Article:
Cemplas follows a strict environmentally-responsible approach to fungal treatment that is centred on detailed surveys. The Cemplas approach is more professional, more sympathetic to fabric of building and more effective because it is controlled by the survey.
The company does not advocate wholesale spraying but promotes targeted treatment. By concentrating the effort where it is needed, Cemplas reduces overheads and costs, minimises the exposure of inhabitants to toxic chemicals and reduces the impact of its work on the environment. The treatments are effective and backed by a guarantee.
It is important to identify whether timber decay has been caused by dry rot or another wood-destroying fungus such as one of the wet rots.
However, it is not always possible or practical to be sure that the timbers will remain dry in the long term. Therefore, it is important that secondary measures are taken to defend against re-infection. Any affected timbers should be removed and replaced with pre-treated timber. Any remaining timbers at risk of being affected by the dry rot should be treated with an effective fungicide. Where the dry rot has passed through the masonry, it should be isolated using physical containment and/or masonry sterilisation.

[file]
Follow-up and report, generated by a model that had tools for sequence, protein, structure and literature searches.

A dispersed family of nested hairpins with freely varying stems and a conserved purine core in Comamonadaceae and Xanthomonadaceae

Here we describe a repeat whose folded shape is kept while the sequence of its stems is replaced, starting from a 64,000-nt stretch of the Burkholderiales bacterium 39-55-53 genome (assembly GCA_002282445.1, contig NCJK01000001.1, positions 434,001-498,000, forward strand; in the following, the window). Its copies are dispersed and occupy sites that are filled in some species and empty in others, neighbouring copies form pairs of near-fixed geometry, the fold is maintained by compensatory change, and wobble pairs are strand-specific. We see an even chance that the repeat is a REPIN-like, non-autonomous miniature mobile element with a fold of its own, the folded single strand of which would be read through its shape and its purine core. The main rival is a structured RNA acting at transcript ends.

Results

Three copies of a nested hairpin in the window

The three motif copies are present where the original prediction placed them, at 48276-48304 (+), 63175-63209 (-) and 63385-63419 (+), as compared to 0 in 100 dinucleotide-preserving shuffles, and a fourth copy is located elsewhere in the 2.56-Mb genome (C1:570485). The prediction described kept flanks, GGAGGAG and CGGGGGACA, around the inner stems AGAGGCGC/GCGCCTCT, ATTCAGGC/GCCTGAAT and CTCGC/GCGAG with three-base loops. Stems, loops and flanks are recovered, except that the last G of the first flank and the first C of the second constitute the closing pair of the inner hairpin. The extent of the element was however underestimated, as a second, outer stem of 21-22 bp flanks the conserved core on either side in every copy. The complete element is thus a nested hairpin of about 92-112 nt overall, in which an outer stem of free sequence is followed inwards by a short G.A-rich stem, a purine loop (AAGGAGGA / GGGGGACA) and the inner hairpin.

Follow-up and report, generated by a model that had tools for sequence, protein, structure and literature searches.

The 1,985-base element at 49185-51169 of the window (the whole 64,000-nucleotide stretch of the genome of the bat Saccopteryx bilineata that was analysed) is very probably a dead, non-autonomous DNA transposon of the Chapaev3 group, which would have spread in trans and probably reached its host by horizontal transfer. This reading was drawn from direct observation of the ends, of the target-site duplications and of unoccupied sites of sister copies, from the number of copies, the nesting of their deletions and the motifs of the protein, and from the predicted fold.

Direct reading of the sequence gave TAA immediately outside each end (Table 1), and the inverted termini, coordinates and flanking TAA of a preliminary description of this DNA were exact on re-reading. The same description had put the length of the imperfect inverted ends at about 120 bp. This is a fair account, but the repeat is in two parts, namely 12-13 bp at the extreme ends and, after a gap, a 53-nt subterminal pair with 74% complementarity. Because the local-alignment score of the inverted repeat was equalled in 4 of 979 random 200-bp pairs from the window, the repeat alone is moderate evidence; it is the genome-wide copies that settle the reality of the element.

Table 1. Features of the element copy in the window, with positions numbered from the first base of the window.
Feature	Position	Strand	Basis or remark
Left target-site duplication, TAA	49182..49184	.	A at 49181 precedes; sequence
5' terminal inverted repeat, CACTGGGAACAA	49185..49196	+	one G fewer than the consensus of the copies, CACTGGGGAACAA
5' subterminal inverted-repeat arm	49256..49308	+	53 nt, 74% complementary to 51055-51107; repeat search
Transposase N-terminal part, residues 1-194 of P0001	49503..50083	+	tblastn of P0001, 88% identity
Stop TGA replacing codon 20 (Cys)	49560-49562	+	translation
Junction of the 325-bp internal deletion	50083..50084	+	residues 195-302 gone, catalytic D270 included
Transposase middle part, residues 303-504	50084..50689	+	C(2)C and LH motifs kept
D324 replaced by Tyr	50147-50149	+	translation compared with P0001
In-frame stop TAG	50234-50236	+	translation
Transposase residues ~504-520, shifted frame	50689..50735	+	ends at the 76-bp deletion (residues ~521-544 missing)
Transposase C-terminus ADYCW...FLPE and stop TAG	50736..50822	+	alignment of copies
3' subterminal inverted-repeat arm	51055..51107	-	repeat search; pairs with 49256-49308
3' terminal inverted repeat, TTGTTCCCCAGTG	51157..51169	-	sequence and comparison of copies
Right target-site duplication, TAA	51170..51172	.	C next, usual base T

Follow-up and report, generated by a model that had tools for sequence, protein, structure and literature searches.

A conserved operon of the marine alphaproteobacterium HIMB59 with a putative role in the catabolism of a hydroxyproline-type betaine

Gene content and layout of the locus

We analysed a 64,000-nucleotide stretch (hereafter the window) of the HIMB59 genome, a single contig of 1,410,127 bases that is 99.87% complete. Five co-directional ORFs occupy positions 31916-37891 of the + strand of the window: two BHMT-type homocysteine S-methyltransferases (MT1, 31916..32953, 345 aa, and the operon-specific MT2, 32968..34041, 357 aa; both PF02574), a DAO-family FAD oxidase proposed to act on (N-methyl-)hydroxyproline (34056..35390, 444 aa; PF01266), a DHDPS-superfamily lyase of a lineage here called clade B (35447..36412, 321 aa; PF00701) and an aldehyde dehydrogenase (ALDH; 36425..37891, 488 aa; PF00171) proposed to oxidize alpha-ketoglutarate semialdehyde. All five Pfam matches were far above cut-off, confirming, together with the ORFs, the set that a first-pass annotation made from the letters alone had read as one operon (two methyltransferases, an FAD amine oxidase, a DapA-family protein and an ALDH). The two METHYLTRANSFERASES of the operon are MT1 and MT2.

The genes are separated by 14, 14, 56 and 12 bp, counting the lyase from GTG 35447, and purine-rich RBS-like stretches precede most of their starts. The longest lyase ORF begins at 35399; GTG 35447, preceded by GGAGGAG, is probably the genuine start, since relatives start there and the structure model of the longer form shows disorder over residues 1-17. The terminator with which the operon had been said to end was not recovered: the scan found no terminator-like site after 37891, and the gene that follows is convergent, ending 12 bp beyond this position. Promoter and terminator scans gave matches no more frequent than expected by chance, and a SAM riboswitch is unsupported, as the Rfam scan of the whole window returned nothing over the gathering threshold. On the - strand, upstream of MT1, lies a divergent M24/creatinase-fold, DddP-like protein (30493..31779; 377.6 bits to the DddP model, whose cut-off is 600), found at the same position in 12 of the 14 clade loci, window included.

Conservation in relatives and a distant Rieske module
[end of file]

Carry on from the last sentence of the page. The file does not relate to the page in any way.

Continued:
Timber can become damp for a number of reasons. Among the most common causes are leaking washing machines, shower trays, baths, condensation etc… The dampness can also come from outside the building, for example, leaking roofs, rising dampness, or dampness penetrating through walls. Whatever, the source of the dampness, if it is rectified and the timber allowed to properly dry out, the dry rot will eventually be controlled.
Woodworm holes found in timber are caused by the larvae of beetles that feed on the timber. Larger holes on the surface of the timber are formed when the adult beetle emerges from the timber to mate. There are a number of species of woodworm, and the precise method of treatment will depend on which species is attacking the timber.